The Ullapool River mouth and estuary can be good for waders, with Ringed Plover and Eurasian Oystercatcher commonly encountered (Andy Williams).

On the upside, I regularly see all three species of diver. During the winter, these can be seen on the sea loch and in late spring and summer, Black-throated and Red-throated Divers fly over my patch as they transit to their breeding sites, away in the surrounding hills. Additionally, both species of eagle – Golden and White-tailed Eagle – pass over the village on a regular basis and I have seen them from my kitchen window.

My personal patch highlights, in more than 20 years of scrutiny, include self-found individuals of Grey Phalarope, Hawfinch and Lapland Bunting, two Firecrests and a handful of Yellow-browed Warblers. Other notable finds include Lesser Whitethroat and Siberian Chiffchaff. None of these species are particularly rare in a national context, but from the perspective of dedicated patchwatching they have been extremely satisfying and made the effort worthwhile. I cover my patch in hope!

Visiting birders to the area have found Little Egret and Ring-billed Gull, although my biggest patch miss was a splendid Ivory Gull that turned up during one of my extended overseas working trips. Many visiting birders and lots of village residents saw this long-staying bird, and I still occasionally get asked if I have seen one in Scotland yet. I smile politely and reply through slightly gritted teeth: “No, not yet.”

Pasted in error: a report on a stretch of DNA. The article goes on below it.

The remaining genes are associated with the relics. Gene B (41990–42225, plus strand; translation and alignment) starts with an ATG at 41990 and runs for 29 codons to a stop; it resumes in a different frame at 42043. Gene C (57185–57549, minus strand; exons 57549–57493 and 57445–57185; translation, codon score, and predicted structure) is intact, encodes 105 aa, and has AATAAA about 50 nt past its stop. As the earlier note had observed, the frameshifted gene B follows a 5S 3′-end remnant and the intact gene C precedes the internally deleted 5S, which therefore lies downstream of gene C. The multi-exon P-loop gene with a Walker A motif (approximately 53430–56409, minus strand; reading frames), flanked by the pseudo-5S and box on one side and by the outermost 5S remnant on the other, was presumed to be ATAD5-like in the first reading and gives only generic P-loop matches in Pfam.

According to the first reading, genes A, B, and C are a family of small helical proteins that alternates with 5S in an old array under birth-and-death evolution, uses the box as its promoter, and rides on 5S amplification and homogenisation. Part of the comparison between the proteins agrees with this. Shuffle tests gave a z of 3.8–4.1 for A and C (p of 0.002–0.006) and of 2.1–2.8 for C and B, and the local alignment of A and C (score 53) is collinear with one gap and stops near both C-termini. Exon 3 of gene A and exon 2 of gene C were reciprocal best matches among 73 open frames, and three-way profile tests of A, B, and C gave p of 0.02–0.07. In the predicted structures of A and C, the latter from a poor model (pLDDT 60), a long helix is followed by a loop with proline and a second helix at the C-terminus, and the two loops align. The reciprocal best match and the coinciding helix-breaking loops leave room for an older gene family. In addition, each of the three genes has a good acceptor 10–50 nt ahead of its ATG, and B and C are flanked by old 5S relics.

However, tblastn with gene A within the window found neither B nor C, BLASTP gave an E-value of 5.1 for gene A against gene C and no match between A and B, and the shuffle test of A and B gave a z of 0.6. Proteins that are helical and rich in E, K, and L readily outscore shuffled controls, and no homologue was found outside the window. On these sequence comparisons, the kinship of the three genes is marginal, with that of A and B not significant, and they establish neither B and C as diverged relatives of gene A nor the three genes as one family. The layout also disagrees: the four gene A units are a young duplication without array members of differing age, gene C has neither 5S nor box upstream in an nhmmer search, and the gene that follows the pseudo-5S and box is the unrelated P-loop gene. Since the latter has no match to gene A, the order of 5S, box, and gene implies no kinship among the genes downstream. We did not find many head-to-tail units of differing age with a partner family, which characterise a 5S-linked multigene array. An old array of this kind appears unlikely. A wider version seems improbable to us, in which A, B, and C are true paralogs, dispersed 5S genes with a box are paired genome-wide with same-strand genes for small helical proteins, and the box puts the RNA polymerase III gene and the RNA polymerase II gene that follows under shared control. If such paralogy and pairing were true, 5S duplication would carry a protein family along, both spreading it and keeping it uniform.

Andy remains gripped by this juvenile Ivory Gull, which turned up in the harbour when he was away in mid-January 2015 (Peter Stronach).

As all patchwatchers will appreciate, seeing the same species day in, day out can start to feel tedious. But I always try to check it with a sense of anticipation. My current patch list stands at 144 species, but I hope to add to that over the coming years – a passage Reed Warbler or Pied Flycatcher would be wonderful, but if I am really honest, the outside chance of finding a Ross's Gull is what keeps me going through the long, dark winters.

Whether you love or loathe it, patchwatching is an important aspect of birding for many and I for one have become thoroughly addicted to keeping an eye on my patch.

Written by: Andy Williams